Columbia River Steelhead Runs, 80-years of ladder counts

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A Computation of Bonneville Dam Steelhead Run Numbers in the Columbia River

By: Mark Bachmann


The numbers used here were/are compiled by the Bonneville Power Administration and are considered to be accurate within acceptable tolerances.

What do the numbers mean?

There are few things about steelhead and steelhead fishing that are not to some degree theoretical. Why do steelhead bite flies, beads, or plastic worms? Why do some colors work on some days, months, years and not on others? We will never really know many things about steelhead for sure. The numbers supplied here will not help to answer any of those questions.The numbers are just a way to keep track of events that have happened, and a way to compare and correlate them to other data collected.

There are some absolutes about all sport fishing though. You do have to have your hook in the water, and the fish actually have to be where you are fishing in order to catch any. In the case of the steelhead counts presented here, more fish were caught when runs were over 600,000 fish than when runs are under 200,000 fish. Big runs of fish support big catches by anglers, and in turn this stimulates the economy especially in the for-profit sectors. Fishing guides/shops are much busier during big run years. My three most profitable years of guiding clients on the Deschutes River were 1986, 2001, and 2009 (in that order).

Columbia River Steelhead Numbers for Perspective (written in 2009)
The 2009 summer steelhead run in the Columbia Basin was far better than average. Counts are incomplete for 2009, as there are still nearly two months left in the year. However, in most years few steelhead pass over Bonneville Dam in November and December. At 602,306 it is doubtful that we will beat the 2001 total of 633,464. The best news is that at 171,538, the 2009 run of wild summer steelhead is the largest ever recorded over Bonneville Dam. The numbers below are offered for your contemplation.
The chart below draws no political or biological conclusions. It is only a table of raw data collected at one Columbia River dam for 71-years (about the length of one average human life). It does appear that within this short period of time that steelhead run numbers fluctuate significantly from year to year. Probably over a longer period of observation they would fluctuate even more. It would also appear that during the last ten year period we are on the high end of these fluctuations. We thought you would like a share of this good news.
The period of 2000-2009 saw 3,989,868 steelhead cross Bonneville Dam.
This compares to the ten year period of 1990-1999 when 2,180,512 steelhead passed through the same fish ladders. Trends might be seen more clearly when these numbers are compared to even earlier ten year periods. The 2000-2009 period has over twice the number of steelhead as any ten-period 1940-1979. Wild steelhead were not counted prior to 1994. The 2009 wild steelhead count exceeds 85% of the total steelhead counts prior to the 33-year period before 1970.

In the 2009 number, what is not taken into account are the effects of the Boldt Decision that was made in 1974, which gave Native Americans rights to harvest 50% of the Columbia River anadromous fish upstream of Bonneville Dam. Before 1974 Native American harvest had much less effect.

More numbers have been added as nearly another decade has past since the assumptions of the 2009 report was written. Because of that the decadal structure has changed slightly. Even though the last three seasons have yielded returns of less than 200,000 steelhead, the last two decades are still the best recorded.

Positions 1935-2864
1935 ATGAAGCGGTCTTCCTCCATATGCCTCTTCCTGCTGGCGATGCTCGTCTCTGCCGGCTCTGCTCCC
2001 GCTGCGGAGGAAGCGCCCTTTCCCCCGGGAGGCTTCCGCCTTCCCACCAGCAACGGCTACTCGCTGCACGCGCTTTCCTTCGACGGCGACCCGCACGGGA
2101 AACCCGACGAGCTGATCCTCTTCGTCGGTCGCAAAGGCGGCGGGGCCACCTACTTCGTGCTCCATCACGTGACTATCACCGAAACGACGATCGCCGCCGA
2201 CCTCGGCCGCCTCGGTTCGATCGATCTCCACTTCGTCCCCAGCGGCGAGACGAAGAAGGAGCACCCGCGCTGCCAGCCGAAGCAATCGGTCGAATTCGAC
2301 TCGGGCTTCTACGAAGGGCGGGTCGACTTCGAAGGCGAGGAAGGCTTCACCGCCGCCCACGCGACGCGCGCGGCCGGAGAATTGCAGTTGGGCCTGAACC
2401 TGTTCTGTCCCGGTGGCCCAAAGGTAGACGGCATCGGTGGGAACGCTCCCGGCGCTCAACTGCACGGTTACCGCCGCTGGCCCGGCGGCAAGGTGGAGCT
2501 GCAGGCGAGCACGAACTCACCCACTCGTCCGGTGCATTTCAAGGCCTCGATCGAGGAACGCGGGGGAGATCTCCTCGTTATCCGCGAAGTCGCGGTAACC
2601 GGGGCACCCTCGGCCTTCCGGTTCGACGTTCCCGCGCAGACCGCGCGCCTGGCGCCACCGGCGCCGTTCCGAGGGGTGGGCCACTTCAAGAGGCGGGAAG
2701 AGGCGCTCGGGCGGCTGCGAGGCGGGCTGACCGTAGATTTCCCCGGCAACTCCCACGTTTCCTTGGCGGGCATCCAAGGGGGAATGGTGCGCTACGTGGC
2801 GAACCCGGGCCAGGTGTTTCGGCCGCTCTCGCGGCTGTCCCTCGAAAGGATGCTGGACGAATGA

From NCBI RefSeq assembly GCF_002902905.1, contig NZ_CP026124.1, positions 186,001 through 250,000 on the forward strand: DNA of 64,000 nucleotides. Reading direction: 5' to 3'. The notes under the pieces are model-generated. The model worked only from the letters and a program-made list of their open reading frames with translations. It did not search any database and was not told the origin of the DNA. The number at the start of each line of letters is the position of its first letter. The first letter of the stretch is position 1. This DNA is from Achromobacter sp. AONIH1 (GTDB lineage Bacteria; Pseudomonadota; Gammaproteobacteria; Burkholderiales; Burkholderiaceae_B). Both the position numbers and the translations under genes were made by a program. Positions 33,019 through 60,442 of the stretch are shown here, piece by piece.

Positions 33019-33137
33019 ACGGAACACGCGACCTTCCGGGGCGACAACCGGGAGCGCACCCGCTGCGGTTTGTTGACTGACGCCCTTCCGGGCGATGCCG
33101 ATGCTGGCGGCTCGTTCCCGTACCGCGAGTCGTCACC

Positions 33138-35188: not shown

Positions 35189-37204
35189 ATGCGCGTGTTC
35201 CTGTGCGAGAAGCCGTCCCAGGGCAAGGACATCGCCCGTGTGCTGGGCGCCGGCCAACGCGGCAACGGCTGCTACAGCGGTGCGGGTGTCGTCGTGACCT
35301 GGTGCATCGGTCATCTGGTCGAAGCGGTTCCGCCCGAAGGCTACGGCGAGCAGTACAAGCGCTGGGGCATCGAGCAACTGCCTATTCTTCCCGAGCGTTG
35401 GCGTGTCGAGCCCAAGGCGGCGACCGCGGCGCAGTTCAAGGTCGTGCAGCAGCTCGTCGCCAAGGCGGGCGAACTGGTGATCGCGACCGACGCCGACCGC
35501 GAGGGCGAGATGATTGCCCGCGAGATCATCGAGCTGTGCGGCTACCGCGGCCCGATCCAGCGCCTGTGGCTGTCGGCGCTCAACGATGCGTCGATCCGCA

Top decadal period: 2001-2010 = 4,155,871
Totals for decadal period: 1940-2009

Totals for decadal period: 1938-2017


2008-2017= 3,118,852
2000-2009 = 3,989,868
1998-2007 = 3,443,213
1990-1999 = 2,180,512
1988-1997 = 2,355,821
1980-1989 = 2,295,710
1978-1987 = 2,220,901
1970-1979 = 1,267,834
1968-1977 = 1,440,149
1960-1969 = 1,343,832
1958-1967 = 1,356,448
1950-1959 = 1,645,113
1948-1957 = 1,651,848
1940-1949 = 1,304,445
1938-1947 = 1,274,528


Bonneville Dam Steelhead counts
Start and end of a ten year period: starting yearending year

Starting year: 1938 Ending year: 2018

Year

Total Steelhead

Unclipped

1938

107003


1939

121932


1940

185161


1941

118087


1942

151395


1943

92151


1944

100473


1945

120086


1946

142806


1947

135434


1948

139062


1949

119285


1950

114087


1951

149539


1952

260990


1953

223914


1954

176260


1955

198411


1956

131116


1957

139184


1958

131347


1959

129026


1960

113676


1961

139726


1962

164025


1963

129418


1964

117252


1965

166445


1966

143661


1967

121872


1968

106974


1969

141782


1970

113510


1971

193966


1972

185886


1973

157823


1974

137054


1975

85540


1976

124177


1977

193437


1978

104431


1979

114007


1980

129254


1981

159270


1982

157640


1983

213779


1984

315587


1985

343961


1986

379891


1987

303081


1988

279072


1989

287798


1990

183027


1991

274545


1992

314975


1993

188377


1994

161978

29451

1995

202448

28036

1996

205216

30338

1997

258385

33580

1998

185094

35701

1999

206488

55064

2000

275178

76192

2001

633073

149317

2002

483956

143196

2003

365821

112823

2004

313377

97875

2005

315650

88999

2006

339301

85082

2007

325275

82197

2008

357845

105670

2009

604970

172383

2010

416603

156139

2011

369365

129166

2012

235303

85472

2013

234047

99148

2014

325965

130571

2015

268730

97782

2016

188146

52260

2017

117878

34405

2018

102891

33311






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